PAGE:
Social Media Transparency Bill 2017

We are all aware of the substantial and increasing role of social media and online fora on our public discourse and in the political sphere. Yet the many rules and safeguards which have emerged in the traditional spaces, everything from disclosure of donations to campaign fund caps, to a requirement that all printed materials must carry a label saying who printed and published them. None of these checks are present in the online space as the legislation has not kept pace with technology.

I introduced my social media transparency bill in the chamber today. The bill applies only to 1) paid political advertising 2) deliberate usage of multiple fake accounts for political purposes (bots).

The main provisions of the bill are:

– The requirement for a disclosure statement on any online political advertising
– The disclosure statement is similar to that already on printed flyers and election posters
– The disclosure statement will state exactly who published and sponsored the post and the target audience
– The social media platforms will be required to capture this information when the ads are purchased
– Failure to provide accurate or truthful information in the disclosure statement will be an offence
– Separately, deliberate usage of multiple fake accounts, for political purposes shall be an offence
– The prohibition on the use of public money for party political uses is re-stated (as per the McKenna judgments)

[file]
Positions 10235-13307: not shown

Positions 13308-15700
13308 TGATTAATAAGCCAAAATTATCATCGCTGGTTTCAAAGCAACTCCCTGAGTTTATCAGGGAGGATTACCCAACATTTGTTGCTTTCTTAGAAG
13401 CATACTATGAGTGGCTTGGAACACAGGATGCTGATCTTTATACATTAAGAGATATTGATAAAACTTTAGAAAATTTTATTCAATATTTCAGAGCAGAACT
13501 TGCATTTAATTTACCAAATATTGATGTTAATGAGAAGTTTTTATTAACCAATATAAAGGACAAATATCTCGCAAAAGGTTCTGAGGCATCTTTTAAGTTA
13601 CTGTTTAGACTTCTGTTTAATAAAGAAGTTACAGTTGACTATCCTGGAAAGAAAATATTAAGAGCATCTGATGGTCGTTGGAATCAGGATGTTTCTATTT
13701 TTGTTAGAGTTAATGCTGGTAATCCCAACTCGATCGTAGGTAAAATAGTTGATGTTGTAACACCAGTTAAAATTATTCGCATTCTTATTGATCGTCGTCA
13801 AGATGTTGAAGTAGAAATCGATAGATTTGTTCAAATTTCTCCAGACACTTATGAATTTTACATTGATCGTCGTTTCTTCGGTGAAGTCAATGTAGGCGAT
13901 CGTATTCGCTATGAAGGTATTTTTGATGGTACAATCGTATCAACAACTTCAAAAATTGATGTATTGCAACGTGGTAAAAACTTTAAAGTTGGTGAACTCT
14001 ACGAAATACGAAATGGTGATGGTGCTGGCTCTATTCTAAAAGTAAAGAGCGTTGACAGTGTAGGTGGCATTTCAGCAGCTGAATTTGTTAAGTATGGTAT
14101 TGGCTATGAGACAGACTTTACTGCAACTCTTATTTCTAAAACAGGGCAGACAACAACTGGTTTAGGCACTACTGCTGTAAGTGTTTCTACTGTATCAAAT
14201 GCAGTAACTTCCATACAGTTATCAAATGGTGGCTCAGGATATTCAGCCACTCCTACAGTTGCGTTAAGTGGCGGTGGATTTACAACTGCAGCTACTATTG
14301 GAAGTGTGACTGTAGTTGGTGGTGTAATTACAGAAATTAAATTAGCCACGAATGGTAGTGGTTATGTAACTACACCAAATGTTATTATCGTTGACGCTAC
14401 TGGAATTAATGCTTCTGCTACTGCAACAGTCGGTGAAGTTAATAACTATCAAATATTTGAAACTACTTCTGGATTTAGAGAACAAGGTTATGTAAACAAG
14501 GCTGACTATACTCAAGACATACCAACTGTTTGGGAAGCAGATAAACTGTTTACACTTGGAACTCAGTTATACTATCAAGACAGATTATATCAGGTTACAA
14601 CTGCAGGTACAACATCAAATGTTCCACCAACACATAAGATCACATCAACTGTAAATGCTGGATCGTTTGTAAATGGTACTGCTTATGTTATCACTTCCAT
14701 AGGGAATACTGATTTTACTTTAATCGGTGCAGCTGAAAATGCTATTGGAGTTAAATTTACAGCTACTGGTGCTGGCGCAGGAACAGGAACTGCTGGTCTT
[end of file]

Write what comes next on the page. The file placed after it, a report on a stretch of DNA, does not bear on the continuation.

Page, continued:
A link to the bill is Online_Advertising_Social_Media_Transparency_Bill_2017 and my speech earlier today, introducing the bill, is below.

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Unacceptable 14 Week Backlog in Disability Allowance Applications

Disability Allowance applicants are facing a long delay in having their application processed. Constituents have contacted me as they have been waiting weeks since applying for Disability Allowance. Applicants are unable to work and are facing the added stress of delays in payments being approved.

Following my enquiries, it emerged that the office was processing applications received 14 weeks previously. This delay is probably the result of the poor resources available to a limited number of staff.

The Government does not seem to realise that lives are affected by this backlog. This is typical of the dysfunction that has become evident in the Department of Social Protection. Between delays in illness benefit payments and delays in the contributory pension review, it appears that the Government is not properly resourcing the Department and this has to change.


Extra Parking Spaces Approved at Maynooth Train Station

The approval of 34 extra parking spaces for Maynooth Train Station is welcome news which will complement the 38 spaces approved earlier this year.

I discussed parking capacity issues at Maynooth and several other stations with Irish Rail officials earlier this year. The expansion will be welcome to commuters who struggle to find a safe parking space.

While it is a small improvement, Irish Rail’s efforts to improve facilities for commuters are welcome. I will continue to liaise with them on issues affecting the Maynooth line.

Improvements such as this are vital as Irish Rail plan to increase capacity on the Maynooth line. It is planned to extend the DART service with electrification of the line by 2027 and capacity for 2000 passengers.

Lack of Progress on CAMHS Waiting Lists in Kildare

The waiting lists being experienced by patients trying to access the Child and Adult Mental Health Services (CAMHS) in Kildare has been criticised. Information released to me following a Parliamentary Question revealed that the average wait time for a non urgent routine appointment is anywhere between 3 and 6 months.

This can sometimes be longer depending on the demand for emergency or urgent appointments. This is despite an extra CAMHS community team being established in the Kildare area since 2017 to deal with population growth.